Response: On its Facebook page, the U.S. Department of Defense notes, "The Department of Defense does not block LGBT websites. The pages referenced in several recent articles were denied access based on web filters blocking the ‘Blog/Personal Pages’ category, not the specific sites themselves. While individuals on a DoD system may visit portions of the main websites (i.e.,,, certain additional links/pages - to include personal blogs - are blocked. Personal pages and blogs are blocked in accordance with DoD policy allowing military commanders the option to restrict access to personal pages for operational security reasons."

Date: April 2013 


Event: An Army Air force officer tries to log into the Southern Baptist Conventions' website and cannot access it.

Response: “The Department of Defense is not intentionally blocking access to this site," responds Lt. Col. Damien Pickart. Later, Lt. Col. Damien Pickart explains, “We determined that our web filters recently detected malware at the SBC website, which resulted in the block for some service members. The department has verified that the Southern Baptist Convention website no longer contains malware that may pose a threat to our networks and will be unblocked today.”

Date: June 28, 2013 


Event: The Pentagon and the US Army informs the Guardian staff that automated content filters installed on Department of Defense (DoD) networks to prevent the unauthorized dissemination of classified information only block access to selected aspects of the Guardian’s website. The Guardian reports that for troops in Afghanistan, the Middle East and South Asia, the restriction appears to apply to the entire website. Spencer Ackerman, a Guardian journalist, notes that the page that loads when troops in Afghanistan use the Department of Defense's non-classified internet protocol network (NIPRNET) reads as follows: “This is a theater-wide block. There are many reasons why this site might be blocked. It may be blocked for your protection, the protection of DoD assets or blocked based on Usfor-A [US forces command-Afghanistan] information systems security policy enclosure 18, Centcom regulation 25-206, joint ethics regulation (JER) 5500.7 or DAA directives."

Response: Gordon Van Vleet, a U.S. Army Network Enterprise Technology Command Public Affairs Officer, clarifies, "In response to your question about access to the website, the army is filtering some access to press coverage and online content about the NSA leaks. The Department of Defense routinely takes preventative 'network hygiene' measures to mitigate unauthorized disclosures of classified information onto DoD unclassified networks." He adds, "The department does not determine what sites its personnel can choose to visit while on a DoD system, but instead relies on automated filters that restrict access based on content concerns or malware threats.  The DoD is also not going to block websites from the American public in general, and to do so would violate our highest-held principle of upholding and defending the constitution and respecting civil liberties and privacy."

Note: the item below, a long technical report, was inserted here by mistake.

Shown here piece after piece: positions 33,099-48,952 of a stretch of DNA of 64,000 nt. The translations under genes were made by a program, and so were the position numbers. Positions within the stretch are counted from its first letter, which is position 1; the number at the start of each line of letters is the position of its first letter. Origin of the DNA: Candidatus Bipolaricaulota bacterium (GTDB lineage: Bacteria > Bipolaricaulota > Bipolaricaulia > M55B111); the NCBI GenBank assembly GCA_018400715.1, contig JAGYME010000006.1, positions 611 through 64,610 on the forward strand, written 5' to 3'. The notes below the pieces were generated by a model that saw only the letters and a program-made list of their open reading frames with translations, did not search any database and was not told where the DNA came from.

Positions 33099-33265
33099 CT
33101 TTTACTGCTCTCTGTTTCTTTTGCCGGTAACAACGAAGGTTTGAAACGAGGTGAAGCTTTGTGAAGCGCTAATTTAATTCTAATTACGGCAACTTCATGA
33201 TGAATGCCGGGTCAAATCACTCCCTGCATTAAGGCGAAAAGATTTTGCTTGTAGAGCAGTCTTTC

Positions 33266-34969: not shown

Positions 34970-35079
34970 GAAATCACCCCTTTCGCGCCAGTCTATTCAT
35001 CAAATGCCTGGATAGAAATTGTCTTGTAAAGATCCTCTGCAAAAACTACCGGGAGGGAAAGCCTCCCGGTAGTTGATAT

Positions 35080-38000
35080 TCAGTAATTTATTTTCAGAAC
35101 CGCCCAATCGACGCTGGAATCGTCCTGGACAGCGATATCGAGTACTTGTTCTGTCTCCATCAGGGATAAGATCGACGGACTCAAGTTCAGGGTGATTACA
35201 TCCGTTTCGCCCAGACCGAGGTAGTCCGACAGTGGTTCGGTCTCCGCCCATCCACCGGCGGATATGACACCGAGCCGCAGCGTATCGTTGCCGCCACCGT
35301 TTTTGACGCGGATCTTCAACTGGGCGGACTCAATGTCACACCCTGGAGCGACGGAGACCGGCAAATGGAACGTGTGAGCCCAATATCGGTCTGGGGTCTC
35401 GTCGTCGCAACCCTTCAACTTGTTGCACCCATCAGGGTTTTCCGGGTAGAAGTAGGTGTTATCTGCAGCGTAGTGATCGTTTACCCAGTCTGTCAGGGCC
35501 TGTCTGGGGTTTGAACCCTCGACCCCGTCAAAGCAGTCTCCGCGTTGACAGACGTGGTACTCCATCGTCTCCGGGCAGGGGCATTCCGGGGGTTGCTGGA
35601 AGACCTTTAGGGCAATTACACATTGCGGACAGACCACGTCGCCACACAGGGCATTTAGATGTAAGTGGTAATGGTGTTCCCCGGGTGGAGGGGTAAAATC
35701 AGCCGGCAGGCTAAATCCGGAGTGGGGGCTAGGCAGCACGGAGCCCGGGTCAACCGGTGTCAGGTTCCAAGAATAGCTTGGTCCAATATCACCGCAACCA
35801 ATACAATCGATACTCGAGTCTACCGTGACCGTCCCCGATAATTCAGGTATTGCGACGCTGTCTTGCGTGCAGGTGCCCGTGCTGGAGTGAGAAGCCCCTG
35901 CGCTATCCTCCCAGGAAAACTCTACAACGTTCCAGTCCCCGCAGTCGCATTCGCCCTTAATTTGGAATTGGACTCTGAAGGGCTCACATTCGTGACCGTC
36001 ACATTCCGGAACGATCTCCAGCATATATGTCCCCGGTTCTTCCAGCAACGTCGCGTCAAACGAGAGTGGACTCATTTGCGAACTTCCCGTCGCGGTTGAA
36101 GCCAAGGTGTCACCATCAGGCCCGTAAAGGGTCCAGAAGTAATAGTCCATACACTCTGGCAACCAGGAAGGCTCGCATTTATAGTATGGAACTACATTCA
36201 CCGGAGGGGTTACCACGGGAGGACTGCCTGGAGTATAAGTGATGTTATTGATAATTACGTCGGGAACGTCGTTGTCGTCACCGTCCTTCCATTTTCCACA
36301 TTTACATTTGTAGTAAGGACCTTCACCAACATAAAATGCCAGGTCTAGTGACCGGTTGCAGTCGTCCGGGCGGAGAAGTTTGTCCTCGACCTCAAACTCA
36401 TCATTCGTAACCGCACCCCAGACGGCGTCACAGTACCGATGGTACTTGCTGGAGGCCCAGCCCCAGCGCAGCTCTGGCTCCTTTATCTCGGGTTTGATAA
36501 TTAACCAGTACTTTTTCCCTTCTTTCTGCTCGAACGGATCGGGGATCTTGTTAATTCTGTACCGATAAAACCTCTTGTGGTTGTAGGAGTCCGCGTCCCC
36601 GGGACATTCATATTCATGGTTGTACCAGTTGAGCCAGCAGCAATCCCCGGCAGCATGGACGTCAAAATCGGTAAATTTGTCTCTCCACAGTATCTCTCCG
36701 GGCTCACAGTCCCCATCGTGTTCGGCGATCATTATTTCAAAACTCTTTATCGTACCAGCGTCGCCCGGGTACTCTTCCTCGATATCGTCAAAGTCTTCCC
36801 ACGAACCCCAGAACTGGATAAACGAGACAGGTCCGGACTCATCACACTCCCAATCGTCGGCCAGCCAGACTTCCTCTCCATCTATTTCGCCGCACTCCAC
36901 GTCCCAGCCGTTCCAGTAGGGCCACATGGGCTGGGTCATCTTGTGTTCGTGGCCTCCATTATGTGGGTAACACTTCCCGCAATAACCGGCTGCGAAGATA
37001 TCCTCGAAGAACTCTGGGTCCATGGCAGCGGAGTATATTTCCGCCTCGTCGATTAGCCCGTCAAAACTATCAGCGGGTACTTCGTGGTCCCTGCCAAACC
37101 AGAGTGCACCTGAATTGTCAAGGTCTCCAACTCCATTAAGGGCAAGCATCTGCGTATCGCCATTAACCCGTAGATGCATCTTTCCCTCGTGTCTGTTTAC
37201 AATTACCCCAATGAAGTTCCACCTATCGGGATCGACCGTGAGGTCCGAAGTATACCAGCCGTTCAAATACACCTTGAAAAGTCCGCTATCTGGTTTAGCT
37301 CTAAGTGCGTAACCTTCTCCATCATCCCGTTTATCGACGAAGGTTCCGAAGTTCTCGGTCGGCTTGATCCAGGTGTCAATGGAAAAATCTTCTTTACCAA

Response: A Defense Department spokesman at the Pentagon emphasizes, "The Guardian website is NOT being blocked by DoD. The Department of Defense routinely takes preventative measures to mitigate unauthorized disclosures of classified information onto DoD unclassified networks."

Date: June 18, 2014 


Event: An active-duty U.S. Navy serviceperson is unable to access the website and forwards a screenshot of the “Access Denied by NETWARCOM Policy” error message to the managers of; the screenshot indicates that the block had been approved by the “Naval Network Warfare Command Battle Watch Captain.” Infowars is a website run by Alex Jones, an American radio show host, documentary filmmaker, and writer; he has previously accused the US government of being involved in the Oklahoma City bombing and the September 11 attacks.

Response: On June 18, Infowars publishes a blog post criticizing BlueCoat, a corporate web filtering service used on some U.S. military computers, for its alleged “purge of libertarian, conservative media.” The article indicates that has been categorized as a “Violence/Hate/Racism” site, placing it alongside the Ku Klux Klan’s homepage. BlueCoat later recategorizes the site as “News/Media." 

Response: The next day, on June 19,’s Paul Joseph Watson writes a piece titled “U.S. MILITARY BLOCKS INFOWARS.COM: Website Censored for over 700,000 Active Duty Servicemembers Worldwide.” Watson cites an email received from another active duty member of the U.S. Military: “Hello, I visit infowars every day @ home and at work to keep up to date with latest news that I cannot find in the mainstream media. I am active duty military and my fellow comrades and I follow infowars and which usually ends up in discussion. Just recently my comrades and I have noticed the Infowars website has now been blocked on all our computers. I believe it’s another attempt for the govt to censor out the truth. I feel this story should be shared and at least infowars should be notified. As for my comrades and I we feel like its another attempt to take our freedoms which we fight for. Thank you for everything you do. Let the truth be told and never quit. If there is anything we can do please let us know.”